There would be a case for him to be the best Premiership left-back of all time, even ahead of Ashley Cole.
This is what we've missed.
I can recall almost 60 years of football and watched the great Bill Foulkes play both for England and United.
But Nemanja Vidic is the greatest centre-back and defender we have ever had.
He is a throw-back to the old days of blood and thunder, when full-backs kicked wingers up in the air and centre halves flattened the opposition centre forward.
The difference is that you now have to do it legally...
Again, you cannot consider Vidic without his world-class partner Rio Ferdinand. Like Bruce and Pallister, they also have had an uncanny understanding.
In truth, Vidic could do with more pace, as Fernando Torres has proved on more than one occasion, but his timing and execution more than make up for that. Let's hope he returns fully fit from his knee ligament injury.
With Ferdinand having a renaissance now that his back is better and he has accepted his own limitations, even 30 times next season would be enough for this partnership to bring trophies back to Old Trafford once again.
So far Nemanja has 243 appearances for United with 18 goals. We've missed him, and now that he has retired from international duty, let's hope we can get at least three more years at the top out of him.
These are two of the giants in United's folklore, who even put the mighty Brucey and Pally in the shade.
But just imagine if either had played with Jaap Stam?
Can you believe that Rio's middle name is Gavin? He began his career with West Ham United and, lest we forget, also played for Leeds United, including being their captain, before Sir Alex signed him for £30 million.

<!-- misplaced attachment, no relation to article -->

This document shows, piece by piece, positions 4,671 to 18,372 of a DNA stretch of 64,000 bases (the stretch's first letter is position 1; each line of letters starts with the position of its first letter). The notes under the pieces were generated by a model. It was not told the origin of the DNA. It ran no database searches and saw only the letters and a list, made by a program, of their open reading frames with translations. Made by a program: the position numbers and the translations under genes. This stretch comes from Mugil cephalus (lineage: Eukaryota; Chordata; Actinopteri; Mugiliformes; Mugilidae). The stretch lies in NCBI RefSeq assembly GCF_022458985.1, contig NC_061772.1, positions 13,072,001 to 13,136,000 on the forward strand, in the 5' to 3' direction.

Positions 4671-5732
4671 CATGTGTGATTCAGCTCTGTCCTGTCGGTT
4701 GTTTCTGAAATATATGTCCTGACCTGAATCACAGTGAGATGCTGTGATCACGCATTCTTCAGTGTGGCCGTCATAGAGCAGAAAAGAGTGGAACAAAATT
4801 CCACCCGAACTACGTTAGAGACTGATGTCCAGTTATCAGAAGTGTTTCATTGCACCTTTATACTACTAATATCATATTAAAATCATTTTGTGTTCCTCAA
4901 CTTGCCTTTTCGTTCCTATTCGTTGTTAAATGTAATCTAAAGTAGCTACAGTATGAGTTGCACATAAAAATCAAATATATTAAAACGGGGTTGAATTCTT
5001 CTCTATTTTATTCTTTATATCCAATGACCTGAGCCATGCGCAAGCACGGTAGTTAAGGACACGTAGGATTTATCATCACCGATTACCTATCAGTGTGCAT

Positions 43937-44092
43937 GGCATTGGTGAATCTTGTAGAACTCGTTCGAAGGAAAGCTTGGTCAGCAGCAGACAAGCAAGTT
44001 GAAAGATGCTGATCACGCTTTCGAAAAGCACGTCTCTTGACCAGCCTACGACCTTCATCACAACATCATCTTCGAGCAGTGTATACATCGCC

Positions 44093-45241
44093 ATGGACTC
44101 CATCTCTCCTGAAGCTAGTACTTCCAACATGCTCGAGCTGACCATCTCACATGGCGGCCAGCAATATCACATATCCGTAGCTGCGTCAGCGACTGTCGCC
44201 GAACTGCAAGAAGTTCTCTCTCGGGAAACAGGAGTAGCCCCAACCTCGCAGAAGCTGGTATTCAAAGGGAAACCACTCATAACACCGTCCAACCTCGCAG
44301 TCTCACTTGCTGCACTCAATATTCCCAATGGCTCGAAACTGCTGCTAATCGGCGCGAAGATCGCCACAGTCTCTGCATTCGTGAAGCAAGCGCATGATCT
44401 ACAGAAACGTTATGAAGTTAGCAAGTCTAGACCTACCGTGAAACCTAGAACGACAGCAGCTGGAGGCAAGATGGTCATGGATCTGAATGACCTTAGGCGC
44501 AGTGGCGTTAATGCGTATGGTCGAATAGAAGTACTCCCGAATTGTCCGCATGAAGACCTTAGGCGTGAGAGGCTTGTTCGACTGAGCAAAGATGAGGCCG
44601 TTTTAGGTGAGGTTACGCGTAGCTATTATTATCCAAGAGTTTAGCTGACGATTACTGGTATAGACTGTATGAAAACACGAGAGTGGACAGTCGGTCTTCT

As a lad, Rio played at centre forward, but by the time he was 18, he was already good enough to be called up as England's youngest defender ever.
Many of us who watched him progress as a young defender saw the greatness of Franz Beckenbauer, but sadly the sweeper role has hardly ever caught on in England.
Ferdinand has until recently had the pace and footballing skill to be an attacking centre-back, much in the mould of Mats Hummels of Dortmund.
Clearly he is under instructions from the manager, because if he had the freedom to roam, he is skillful enough to have scored a lot more goals.
We must hope that he too is fully fit for the new season, now that his back troubles are behind him (oops!).
When he joined almost exactly 10 years ago, to replace Jaap Stam, he was the most expensive footballer in British history and the most expensive defender in the world for the second time (previously when he joined Leeds).
He has been fairly compared to the greats of Italian football, Alessandro Nesta and Paolo Maldini, and would surely have become a legend in Serie A.
If he ever wants a swansong away from Old Trafford, that's where he should head.
With 398 appearances so far, he will surely grace that United top 21 before he hangs up his boots to become an Old Trafford youth team coach and club Ambassador.
If there is one tiny criticism, he should have scored more than his seven goals to date.
Oh dear, oh dear...
How many times would Jaap Stam have played for United if he hadn't written his book and suffered an Achilles' heel injury?
Sir Alex has readily admitted that selling Stam, even for £16.5 million at age 29, was a big mistake. He was honest enough to include Stam in his greatest-ever United XI.
Stam only made 121 appearances during which he won six trophies, including of course a Champions League medal.
He went on to make a further 143 appearances for Lazio, Milan and Ajax. How much more could United have achieved if he had finished his career at Old Trafford, including playing alongside Rio Ferdinand before Vidic arrived?
If there was ever any doubt—which there wasn't—this is all Gary needed to make himself a United legend.
There can equally be no doubt that he is the greatest right-back United ever produced.
Is he our greatest full-back? Tony Dunne and Denis Irwin would have something to say about that, but probably.
Gary is far from the most skillful full-back you would ever see. Yes, he was an attacking full-back, but not like Roberto Carlos, because first and foremost Gary was a gritty, uncompromising defender. He is in the same school as Brucey and Nemanja in having the capability to have fitted well 30, 50 or even 100 years ago.